All the persistence measures taken together, the performance persistence of the strategies is compared. When raw returns are used as the measure of performance, the two strategies with the highest portion of persistent funds are Convertible Arbitrage and Emerging Markets, with 53.2% and 45.1% at a one-month time horizon. As a rule, persistence declines when the time horizon increases to twelve and twenty-four months, except for Sector, Merger Arbitrage, and Emerging Markets. Over fifty months, Sector is more likely than any other strategy to display persistence at six, twelve, and twenty-four months. Equity Long Only and Short Bias have the lowest portion of persistent funds.

The impact of the performance measure used to test performance persistence is examined by comparing the portion of persistent funds for each of the six aforementioned performance measures. The author states that “the level of hedge fund performance persistence is not related to the choice of performance measure.”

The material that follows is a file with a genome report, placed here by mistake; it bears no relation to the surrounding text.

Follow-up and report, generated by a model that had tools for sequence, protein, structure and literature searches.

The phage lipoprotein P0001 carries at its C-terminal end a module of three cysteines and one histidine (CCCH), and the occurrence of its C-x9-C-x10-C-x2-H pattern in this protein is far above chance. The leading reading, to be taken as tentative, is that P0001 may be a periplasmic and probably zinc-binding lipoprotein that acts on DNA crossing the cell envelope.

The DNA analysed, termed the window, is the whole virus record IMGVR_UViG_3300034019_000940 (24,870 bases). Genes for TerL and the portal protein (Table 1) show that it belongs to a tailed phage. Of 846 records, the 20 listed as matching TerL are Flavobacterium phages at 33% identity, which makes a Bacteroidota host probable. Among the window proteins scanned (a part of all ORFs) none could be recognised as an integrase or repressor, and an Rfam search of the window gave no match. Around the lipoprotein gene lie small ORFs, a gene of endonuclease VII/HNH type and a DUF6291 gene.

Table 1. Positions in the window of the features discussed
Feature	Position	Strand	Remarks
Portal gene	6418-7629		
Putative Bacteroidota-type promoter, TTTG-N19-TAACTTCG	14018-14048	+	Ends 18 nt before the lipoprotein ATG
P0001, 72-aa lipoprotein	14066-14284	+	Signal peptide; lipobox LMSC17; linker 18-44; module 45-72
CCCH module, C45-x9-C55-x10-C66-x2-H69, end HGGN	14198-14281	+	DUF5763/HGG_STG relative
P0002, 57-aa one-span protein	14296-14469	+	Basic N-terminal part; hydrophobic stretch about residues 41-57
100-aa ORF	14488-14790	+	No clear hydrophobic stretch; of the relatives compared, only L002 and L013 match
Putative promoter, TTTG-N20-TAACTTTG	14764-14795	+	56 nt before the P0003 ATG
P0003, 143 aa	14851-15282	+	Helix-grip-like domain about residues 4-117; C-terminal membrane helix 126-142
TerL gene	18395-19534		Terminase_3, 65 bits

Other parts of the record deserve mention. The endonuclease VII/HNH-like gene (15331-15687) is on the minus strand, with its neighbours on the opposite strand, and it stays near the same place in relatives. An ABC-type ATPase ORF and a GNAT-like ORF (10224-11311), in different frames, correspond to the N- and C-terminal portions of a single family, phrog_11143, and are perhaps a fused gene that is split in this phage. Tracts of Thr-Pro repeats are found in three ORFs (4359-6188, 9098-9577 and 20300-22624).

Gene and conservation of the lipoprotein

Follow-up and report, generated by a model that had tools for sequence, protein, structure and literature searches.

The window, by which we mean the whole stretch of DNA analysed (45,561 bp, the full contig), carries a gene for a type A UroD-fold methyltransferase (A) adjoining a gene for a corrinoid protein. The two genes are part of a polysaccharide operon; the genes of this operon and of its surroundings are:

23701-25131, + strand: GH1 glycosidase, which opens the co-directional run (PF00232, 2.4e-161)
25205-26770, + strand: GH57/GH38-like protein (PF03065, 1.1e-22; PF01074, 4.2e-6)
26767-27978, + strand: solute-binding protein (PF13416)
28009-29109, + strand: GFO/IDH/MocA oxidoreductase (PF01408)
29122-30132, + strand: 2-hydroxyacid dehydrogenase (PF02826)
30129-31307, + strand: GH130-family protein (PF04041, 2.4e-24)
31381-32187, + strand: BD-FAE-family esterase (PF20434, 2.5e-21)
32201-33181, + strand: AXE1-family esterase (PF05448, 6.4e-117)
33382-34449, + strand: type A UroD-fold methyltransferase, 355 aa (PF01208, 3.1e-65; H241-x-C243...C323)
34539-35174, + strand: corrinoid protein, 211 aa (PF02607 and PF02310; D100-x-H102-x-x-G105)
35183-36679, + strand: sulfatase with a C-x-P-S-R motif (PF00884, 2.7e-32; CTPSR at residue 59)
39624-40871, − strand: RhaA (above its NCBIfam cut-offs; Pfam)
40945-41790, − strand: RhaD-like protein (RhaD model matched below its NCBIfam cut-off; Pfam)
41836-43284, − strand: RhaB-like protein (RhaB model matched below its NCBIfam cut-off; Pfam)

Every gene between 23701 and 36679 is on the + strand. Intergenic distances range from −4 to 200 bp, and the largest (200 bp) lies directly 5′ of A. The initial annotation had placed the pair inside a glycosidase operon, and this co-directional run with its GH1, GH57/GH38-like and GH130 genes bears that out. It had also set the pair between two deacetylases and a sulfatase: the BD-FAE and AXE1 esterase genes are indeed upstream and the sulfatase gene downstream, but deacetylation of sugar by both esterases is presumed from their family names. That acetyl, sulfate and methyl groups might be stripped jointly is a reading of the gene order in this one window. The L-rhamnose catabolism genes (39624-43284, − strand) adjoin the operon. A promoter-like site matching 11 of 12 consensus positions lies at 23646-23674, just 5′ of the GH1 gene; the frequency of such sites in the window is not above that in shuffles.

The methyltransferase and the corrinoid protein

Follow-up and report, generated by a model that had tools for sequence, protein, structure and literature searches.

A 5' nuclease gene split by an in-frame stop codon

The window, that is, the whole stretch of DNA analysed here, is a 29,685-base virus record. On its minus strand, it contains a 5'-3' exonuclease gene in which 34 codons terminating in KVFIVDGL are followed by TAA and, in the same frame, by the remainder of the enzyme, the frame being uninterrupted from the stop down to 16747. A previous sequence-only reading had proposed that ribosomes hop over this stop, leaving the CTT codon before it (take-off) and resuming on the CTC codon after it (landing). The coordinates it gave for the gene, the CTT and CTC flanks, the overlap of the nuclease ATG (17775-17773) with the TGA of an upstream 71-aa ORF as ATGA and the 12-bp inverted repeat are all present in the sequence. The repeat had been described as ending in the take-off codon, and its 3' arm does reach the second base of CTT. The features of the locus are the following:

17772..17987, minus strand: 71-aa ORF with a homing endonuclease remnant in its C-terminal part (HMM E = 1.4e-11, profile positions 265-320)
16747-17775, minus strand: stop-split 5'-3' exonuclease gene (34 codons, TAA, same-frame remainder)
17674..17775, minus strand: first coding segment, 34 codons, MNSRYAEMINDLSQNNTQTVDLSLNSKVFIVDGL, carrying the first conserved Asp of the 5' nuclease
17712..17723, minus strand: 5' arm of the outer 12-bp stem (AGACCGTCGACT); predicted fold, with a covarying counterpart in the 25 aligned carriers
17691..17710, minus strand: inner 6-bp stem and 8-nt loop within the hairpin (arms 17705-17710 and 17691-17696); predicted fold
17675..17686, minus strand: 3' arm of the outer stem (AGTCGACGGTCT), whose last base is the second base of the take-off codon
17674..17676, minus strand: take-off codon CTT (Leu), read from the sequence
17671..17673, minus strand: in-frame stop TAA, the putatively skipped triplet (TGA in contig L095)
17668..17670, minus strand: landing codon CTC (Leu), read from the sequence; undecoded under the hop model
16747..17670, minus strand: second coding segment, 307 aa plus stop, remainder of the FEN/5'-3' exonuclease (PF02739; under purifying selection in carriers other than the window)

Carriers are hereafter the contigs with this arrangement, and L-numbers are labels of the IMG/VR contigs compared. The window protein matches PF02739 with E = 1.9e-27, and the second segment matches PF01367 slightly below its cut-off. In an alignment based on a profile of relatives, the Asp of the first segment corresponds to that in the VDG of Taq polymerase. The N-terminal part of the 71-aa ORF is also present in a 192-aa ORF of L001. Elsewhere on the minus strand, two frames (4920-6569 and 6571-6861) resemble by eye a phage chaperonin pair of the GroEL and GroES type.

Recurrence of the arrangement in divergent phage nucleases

Eling explores four factors that could potentially generate artificial performance persistence: the use of option-like strategies, return smoothing, survivorship bias, and backfilling bias. The author explains that “returns from writing an out-of-the-money (OTM) put option will be positive until the occurrence of a tail event brings losses when the option pays out.” He tests the persistence of the performance of 250 funds that write OTM put options. Whatever the time horizons and the persistence test, a very low portion of funds exhibit persistence. The Kolmogorov-Smirnov test displays a nil level of persistence, whatever the time horizon. It indicates that the use of option-like strategies doesn’t generate performance persistence. Concerning the impact of return smoothing on persistence, Eling measures the serial correlation of returns and attempts to determine, strategy by strategy, whether high serial correlation is associated with high persistence and whether low serial correlation is associated with low persistence. He states that “smoothing of returns might explain the high levels of short-term persistence found with some strategies”, as in the case of Convertible Arbitrage. He concludes that “survivorship bias as well as backfilling bias can partly explain the persistence.”